UAW Strike Won’t Expand for Now. What’s the Endgame?

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United Auto Workers President Shawn Fain announced Friday that the strike against the Detroit Three auto makers wouldn’t be expanded. But that doesn’t mean negotiations are over—not by a long shot.

The longer any strike lasts, the larger the problem it becomes for the companies involved. But a long strike will become a problem for the union, too.

After a wild week that included a surprise walkout at a key Ford Motor (ticker: F) assembly plant, Wall Street is eager for clues about how and when the strike might end. They didn’t get much from Fain’s update today. Instead, investors were told more uncertainty was on the way.

“We’re not waiting until Fridays to escalate our strike,” said Fain. “Our fight’s not just about us, it’s about the working class.”

The union’s strike against Ford,
General Motors
(GM), and
Stellantis
(STLA) has been unlike any other. Workers are striking all three companies at once rather than targeting one at a time as it has done in the past. The strategy, which Fain calls a “stand-up strike,” has succeeded in creating confusion, chaos, and financial pain for the auto makers.

“It’s [been] a different approach,” Edward Jones analyst Jeff Windau said of the UAW strike strategy. “Inflicting maximum pain concerns me. These companies need to be competitive in their markets. There has to be a [drive] to come to a contract.”

The strike started on Sept. 15 in a limited way with some 12,000 workers walking out at three plants. The strike was expanded twice; announcements of new strike targets were delivered on Fridays.

That pattern changed on Wednesday evening when the UAW walked out of Ford’s huge Kentucky Truck Plant. It makes super-duty trucks and generates about $25 billion in revenue a year. Fain said that works out to $48,000 a minute, and said many members don’t make that much in a year.

He’s probably understating the case. The plant doesn’t run 24-7. The revenue per operating minute is likely closer to $80,000.

That said, revenue isn’t a metric that should matter in labor discussions. Owners and labor are fighting over profits.

Fain, for his part, has won wage concessions, inflation protection, better retirement benefits, fewer worker classes, and the right to treat some new battery workers like all other UAW employees. But Fain’s rhetoric might be reaching its limit, evidenced by his talk of revenue.

Ford, after all, has said it has reached its limit. To that, Fain responded by saying CEO Jim Farley made $20 million in total 2022 compensation. Barron’s looked at CEO pay among the three auto makers. They are paid more than peers. But if the CEOs agreed to work for nothing, the leftover funds would amount to roughly $100 per employee per year.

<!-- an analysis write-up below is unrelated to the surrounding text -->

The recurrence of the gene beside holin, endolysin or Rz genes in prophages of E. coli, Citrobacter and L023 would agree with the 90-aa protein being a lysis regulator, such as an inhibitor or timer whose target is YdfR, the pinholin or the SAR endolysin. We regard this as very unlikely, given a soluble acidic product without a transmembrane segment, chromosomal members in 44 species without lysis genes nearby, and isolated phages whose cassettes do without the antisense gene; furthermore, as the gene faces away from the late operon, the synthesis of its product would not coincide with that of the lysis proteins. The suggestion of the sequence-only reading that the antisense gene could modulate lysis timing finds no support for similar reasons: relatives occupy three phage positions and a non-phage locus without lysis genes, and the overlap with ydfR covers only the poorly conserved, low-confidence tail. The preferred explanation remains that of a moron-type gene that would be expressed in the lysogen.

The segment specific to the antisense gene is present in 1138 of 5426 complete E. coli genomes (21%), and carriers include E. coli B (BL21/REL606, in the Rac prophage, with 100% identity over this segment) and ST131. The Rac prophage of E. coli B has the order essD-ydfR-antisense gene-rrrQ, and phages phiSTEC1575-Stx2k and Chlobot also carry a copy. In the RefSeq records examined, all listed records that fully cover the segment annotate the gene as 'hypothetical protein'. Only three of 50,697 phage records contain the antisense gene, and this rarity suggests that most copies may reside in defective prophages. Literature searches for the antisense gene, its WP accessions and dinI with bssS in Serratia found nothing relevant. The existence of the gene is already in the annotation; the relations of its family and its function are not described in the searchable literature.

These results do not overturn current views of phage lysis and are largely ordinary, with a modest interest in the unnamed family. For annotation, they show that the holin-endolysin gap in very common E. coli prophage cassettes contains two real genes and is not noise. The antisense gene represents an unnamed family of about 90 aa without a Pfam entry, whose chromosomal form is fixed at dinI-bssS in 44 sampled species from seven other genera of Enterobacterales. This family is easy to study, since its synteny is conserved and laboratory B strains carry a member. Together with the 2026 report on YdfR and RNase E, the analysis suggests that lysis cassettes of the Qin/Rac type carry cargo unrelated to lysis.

Overpaid? Maybe. But CEO givebacks won’t solve this strike.

“We see [the Kentucky] move from the UAW as concerning given that Ford gave the largest concessions to the union among the Detroit-Three,” wrote BofA Securities analyst John Murphy in a Thursday report. “It is possible, however, that since Ford has been the most accommodating, the UAW might believe it can obtain additional concessions by increasing the pressure.”

In the current chess match, Fain has dominated the opening and middle games, but he needs an endgame to do the best for the membership. The UAW declined to comment about its strategy.

Fain might want to be careful in stirring up too much ire or raising expectations too high among UAW members. UAW workers at Mack Trucks recently rejected a tentative agreement, with 73% of the membership voting no. Mack UAW employees appear to be convinced they can get more.

“I didn’t raise [worker] expectations,” said Fain referencing the Mack strike. “Our broken economy raised expectations.”

“You have to generate money to invest in your business,” added Windau. “There is some middle ground there…if you cut to the bone there is nothing to invest.”

Currently, about 33,000 UAW workers are on strike and another 5,000 have been laid off because production has been disrupted. Those 38,000 people amount to a bit more than one-fourth of the 145,000 UAW members employed by the Big Three.

There is no indication that the strike is close to ending, either. “The longer the strike goes on, the more the public is with us,” said Fain. Indeed, there is overwhelming public support for the strike at the moment. However, it isn’t a given that support stays strong.

BofA’s Murphy rates Ford stock at Buy with a target of $23, nearly double the shares’ Thursday closing level of $12. Edward Jones’ Windau rates Ford and GM shares Hold, meaning he expects the stocks to perform in line with the market. He doesn’t have price targets.

The negotiations are weighing on shares of Ford and GM. Through Friday trading, Ford and GM stocks were down about 21% and 27%, respectively, over the past three months, while the
S&P 500
was down about 4%.

Stellantis shares are up about 4%, but the auto maker is a more global company and its shares are cheaper than the other two stocks. Stellantis stock trades for less than four times estimated 2024 earnings. Ford and GM shares trade for less than seven and five times, respectively.

The big winner from the strike looks to be
Toyota Motor
(TM). None of its U.S.-based workers are on strike. Its shares are up about 11% over the past three months.

Ford stock dropped 1.6% Friday, GM stock dropped 2.2%, and Stellantis shares fell 0.5%, while the S&P 500 ended 0.5% lower, and the
Dow Jones Industrial Average
closed up 0.1%

Write to Al Root at [email protected]

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